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While there is plenty of news at NPE this year in pad, screen, dry-offset, flexo, and inkjet printing, as well as laser marking, hot stamping, heat-transfer decorating, and some less familiar technologies—the real star of the show is summed up in two words: “in-mold.” Responding to excitement in automotive, appliance, and electronics industries, at least 19 companies are showing materials or equipment for in-mold film-insert decorating or labeling (IMD, IML) for injection molding and thermoforming. And one firm—Ube Machinery—is finally commercializing in-mold painting for injection molding—a technology first exhibited in prototype form at NPE 1988.
Six companies are introducing a variety of pad printing equipment at the show. Among them, ITW Trans Tech is showcasing the Gemini 130, which has two printing heads in a unique “V” configuration that allows two-color printing applications using a single part fixture. It also allows ink pickup, printing, and pad cleaning to proceed simultaneously. Pad Print Machinery of Vermont is unveiling a new high-speed, digital on-demand pad printer as well as its new XE series with a Windows-based operating system driving a servo-controlled print head and conveyor unit with 20GB hard drive that allows for vast storage of jobs.
Tampoprint is showing off its new two- or three-lane Rotoprint rotary pad printer for cap closures. It can mark up to 150,000 caps/hr in one to three colors. Teca-Print is introducing its fastest pad printer to date, the TPS 111, with a cycle time of 0.7 sec. When it comes to speed, Apex Machine claims a breakthrough for its new C-506 cylindrical part printer, which allows a 6-color ink and plate change in 5 min.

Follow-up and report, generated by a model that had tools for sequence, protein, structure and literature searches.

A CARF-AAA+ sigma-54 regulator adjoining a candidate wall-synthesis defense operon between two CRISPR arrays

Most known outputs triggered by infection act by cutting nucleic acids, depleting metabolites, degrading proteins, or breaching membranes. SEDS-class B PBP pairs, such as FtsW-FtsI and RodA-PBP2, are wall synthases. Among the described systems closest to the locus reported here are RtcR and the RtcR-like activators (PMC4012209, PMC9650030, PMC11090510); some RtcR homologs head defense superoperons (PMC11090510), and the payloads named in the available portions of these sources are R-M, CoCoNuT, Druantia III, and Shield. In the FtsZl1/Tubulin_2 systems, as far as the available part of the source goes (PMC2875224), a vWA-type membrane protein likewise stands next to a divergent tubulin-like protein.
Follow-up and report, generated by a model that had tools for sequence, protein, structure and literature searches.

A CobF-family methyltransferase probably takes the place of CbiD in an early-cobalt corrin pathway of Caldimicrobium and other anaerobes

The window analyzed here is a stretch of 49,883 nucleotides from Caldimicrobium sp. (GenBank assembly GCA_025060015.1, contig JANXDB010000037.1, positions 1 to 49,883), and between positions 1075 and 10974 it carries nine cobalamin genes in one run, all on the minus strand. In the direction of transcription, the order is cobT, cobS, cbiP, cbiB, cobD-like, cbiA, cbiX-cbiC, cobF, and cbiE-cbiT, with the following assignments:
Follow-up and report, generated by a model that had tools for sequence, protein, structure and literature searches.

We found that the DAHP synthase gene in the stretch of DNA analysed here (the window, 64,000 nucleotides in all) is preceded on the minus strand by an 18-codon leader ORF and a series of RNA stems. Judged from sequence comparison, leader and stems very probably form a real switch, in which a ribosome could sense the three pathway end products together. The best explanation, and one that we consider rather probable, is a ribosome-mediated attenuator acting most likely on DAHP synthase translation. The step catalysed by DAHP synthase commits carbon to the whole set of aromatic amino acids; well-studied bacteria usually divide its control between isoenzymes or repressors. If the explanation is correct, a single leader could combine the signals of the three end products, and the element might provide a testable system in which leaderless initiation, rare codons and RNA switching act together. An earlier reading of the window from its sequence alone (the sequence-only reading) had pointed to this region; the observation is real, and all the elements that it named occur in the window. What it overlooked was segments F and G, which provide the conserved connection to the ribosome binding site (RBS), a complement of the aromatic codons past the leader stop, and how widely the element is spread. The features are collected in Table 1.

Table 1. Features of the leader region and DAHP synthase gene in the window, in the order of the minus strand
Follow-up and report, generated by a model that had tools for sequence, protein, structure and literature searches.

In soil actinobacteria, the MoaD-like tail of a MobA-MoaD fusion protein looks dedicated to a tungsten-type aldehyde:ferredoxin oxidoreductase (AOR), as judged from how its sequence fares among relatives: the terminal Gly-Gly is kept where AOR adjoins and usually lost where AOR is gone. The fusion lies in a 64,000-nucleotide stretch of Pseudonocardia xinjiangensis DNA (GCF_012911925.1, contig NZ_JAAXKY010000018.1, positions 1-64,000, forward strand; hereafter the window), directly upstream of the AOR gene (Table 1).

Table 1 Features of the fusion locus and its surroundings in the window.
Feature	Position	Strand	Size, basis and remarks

In screen printing, Proell is showing Nori-Cure UV-L3, a scratch-resistant, uv-cure screen printing lacquer and special effects such as rainbow metallic and mirror-like chrome.
At least six companies will be discussing laser marking. One of them, LPKF, will present its technology for using a laser to “draw” electrical circuitry onto the surface of parts containing a suitable metal additive. Tampoprint is featuring the Alfalas Promo-MOF (Mark-on-the-Fly) laser system for marking the underside of up to 60,000 caps/hr.
Heat-transfer decorating is going high-tech at the show. Cassco Machines is featuring its new Command Center, a control platform that runs all the company’s hot-stamping, heat-transfer, and assembly systems.
Kurz Transfer Products is showcasing the LS 102 LK, a new hot stamping machine with up to five heads for applying foil to extruded profiles. Kurz is also introducing the Hastings Model ES1000 electronic heat-transfer press with servo control of X-Y registration of the stamping head. Registration is assisted by a laser sensor on the stamping head, resulting in placing a heat transfer within ±0.004 in.
Something unusual to look for is Vergason Technology’s new Press-Side Rapid Cycle Metalizer. It vacuum metalizes parts in 3 to 6 min. Its coating chamber measures 28 in. diam. x 48 in. high.
Another out-of-the-ordinary decorating exhibit is Water Transfer Printing at a company of the same name. It applies decorative patterns to flat or 3D parts without leaving voids or seams. A film with the printed pattern is floated on the surface of a water bath. Then the part, which has been spray-coated with a chemical activator is placed in the tank to receive the transfer. Finally, after washing and drying, the decorated part is sprayed with a protective acrylic finish.